Former 2016 presidential candidate Jeb Bush announced late Friday he will not support Donald Trump for president, joining South Carolina Sen. Lindsey Graham and other GOP figures giving the presumptive nominee the cold shoulder.

Trump, meanwhile, said he’s getting endorsements “left and right” and brushed off the comments of party figures and ex-candidates speaking out against his bid.

Of Graham, he said in a statement: "I fully understand why Lindsey Graham cannot support me. If I got beaten as badly as I beat him, and all the other candidates he endorsed, I would not be able to give my support either.”

Bush announced his formal opposition to Trump on Facebook. The former Florida governor congratulated the billionaire businessman for wrapping up the nomination but went on to say: “Donald Trump has not demonstrated that temperament or strength of character” required to lead the nation.

“He has not displayed a respect for the Constitution. And, he is not a consistent conservative. These are all reasons why I cannot support his candidacy,” Bush said.

He also said Democratic front-runner Hillary Clinton is an “untrustworthy liberal politician” and so, “In November, I will not vote for Donald Trump or Hillary Clinton, but I will support principled conservatives at the state and federal levels.”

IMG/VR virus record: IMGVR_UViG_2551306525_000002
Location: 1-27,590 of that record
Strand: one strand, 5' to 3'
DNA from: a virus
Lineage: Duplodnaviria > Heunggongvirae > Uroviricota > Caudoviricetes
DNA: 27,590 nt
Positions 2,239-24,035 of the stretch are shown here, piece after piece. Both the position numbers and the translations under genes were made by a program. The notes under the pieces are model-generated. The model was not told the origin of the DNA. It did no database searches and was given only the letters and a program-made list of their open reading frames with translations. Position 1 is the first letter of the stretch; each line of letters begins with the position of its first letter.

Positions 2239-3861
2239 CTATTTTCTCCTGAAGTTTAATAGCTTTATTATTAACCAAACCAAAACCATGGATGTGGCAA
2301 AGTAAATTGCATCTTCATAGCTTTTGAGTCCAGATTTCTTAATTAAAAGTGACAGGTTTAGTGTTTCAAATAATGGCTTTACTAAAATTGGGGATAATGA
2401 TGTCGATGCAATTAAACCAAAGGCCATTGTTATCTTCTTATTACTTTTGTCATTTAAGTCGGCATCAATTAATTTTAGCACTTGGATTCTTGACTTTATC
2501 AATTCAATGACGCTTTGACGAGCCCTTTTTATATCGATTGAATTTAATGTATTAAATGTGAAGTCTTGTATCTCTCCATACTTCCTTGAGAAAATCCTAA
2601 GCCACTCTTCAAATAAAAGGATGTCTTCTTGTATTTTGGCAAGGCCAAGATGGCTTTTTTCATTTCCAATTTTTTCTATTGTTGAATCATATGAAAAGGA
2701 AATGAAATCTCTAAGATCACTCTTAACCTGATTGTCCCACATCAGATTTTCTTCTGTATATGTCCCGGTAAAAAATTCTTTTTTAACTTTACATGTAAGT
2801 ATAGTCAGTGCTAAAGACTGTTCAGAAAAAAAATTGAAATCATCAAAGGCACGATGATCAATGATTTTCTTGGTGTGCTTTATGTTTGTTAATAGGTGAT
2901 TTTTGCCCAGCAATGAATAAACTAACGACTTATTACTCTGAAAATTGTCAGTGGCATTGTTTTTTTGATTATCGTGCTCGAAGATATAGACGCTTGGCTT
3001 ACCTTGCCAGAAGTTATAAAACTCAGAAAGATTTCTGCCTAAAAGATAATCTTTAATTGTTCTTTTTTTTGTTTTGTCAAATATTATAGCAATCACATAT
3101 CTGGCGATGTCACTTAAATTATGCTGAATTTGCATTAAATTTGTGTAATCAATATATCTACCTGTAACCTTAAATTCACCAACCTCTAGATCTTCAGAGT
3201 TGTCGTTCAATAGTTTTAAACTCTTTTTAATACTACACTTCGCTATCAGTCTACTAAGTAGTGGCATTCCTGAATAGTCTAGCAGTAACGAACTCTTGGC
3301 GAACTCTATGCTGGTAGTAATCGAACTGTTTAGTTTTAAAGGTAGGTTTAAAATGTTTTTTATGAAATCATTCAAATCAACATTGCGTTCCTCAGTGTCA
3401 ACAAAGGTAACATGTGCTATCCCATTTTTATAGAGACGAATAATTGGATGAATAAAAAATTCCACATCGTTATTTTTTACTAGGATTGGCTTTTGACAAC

Bush, early in the Republican primary race last year, had been considered the candidate to beat only to get hammered by Trump in the debates and, later, in the primaries themselves. He, along with former candidate Graham, eventually dropped out.

Graham voiced similar sentiments in his statement, saying he will not support Clinton or Trump.

“I absolutely will not support Hillary Clinton for President. … I also cannot in good conscience support Donald Trump because I do not believe he is a reliable Republican conservative nor has he displayed the judgment and temperament to serve as Commander in Chief,” Graham said.

He added he does not plan to attend the Republican convention in July.

Other former primary rivals have gotten behind Trump, including retired neurosurgeon Ben Carson, now involved in the running mate selection process, and New Jersey Gov. Chris Christie.

Former Texas Gov. Rick Perry, a former critic of Trump, also now says he'd be willing to work in a Trump administration, even as vice president.

Trump has made no such public overtures to the longtime Texas governor, who acknowledged he hasn't spoken to Trump in months.

"If Donald Trump says, `Perry, let's talk about you helping in this role,' I'm open to it," Perry said Friday.

Trump tweeted "Thank you Rick!" after Perry's endorsement.

Trump also has been sparring from afar with House Speaker Paul Ryan, who on Thursday said he’s not ready at this point to support Trump. However, the two plan to meet next week.

Also supporting Trump is former Vice President Dick Cheney, who told CNN that he has always supported the GOP nominee, as well as former Kansas senator and 1996 Republican presidential nominee Bob Dole.

The Associated Press contributed to this report.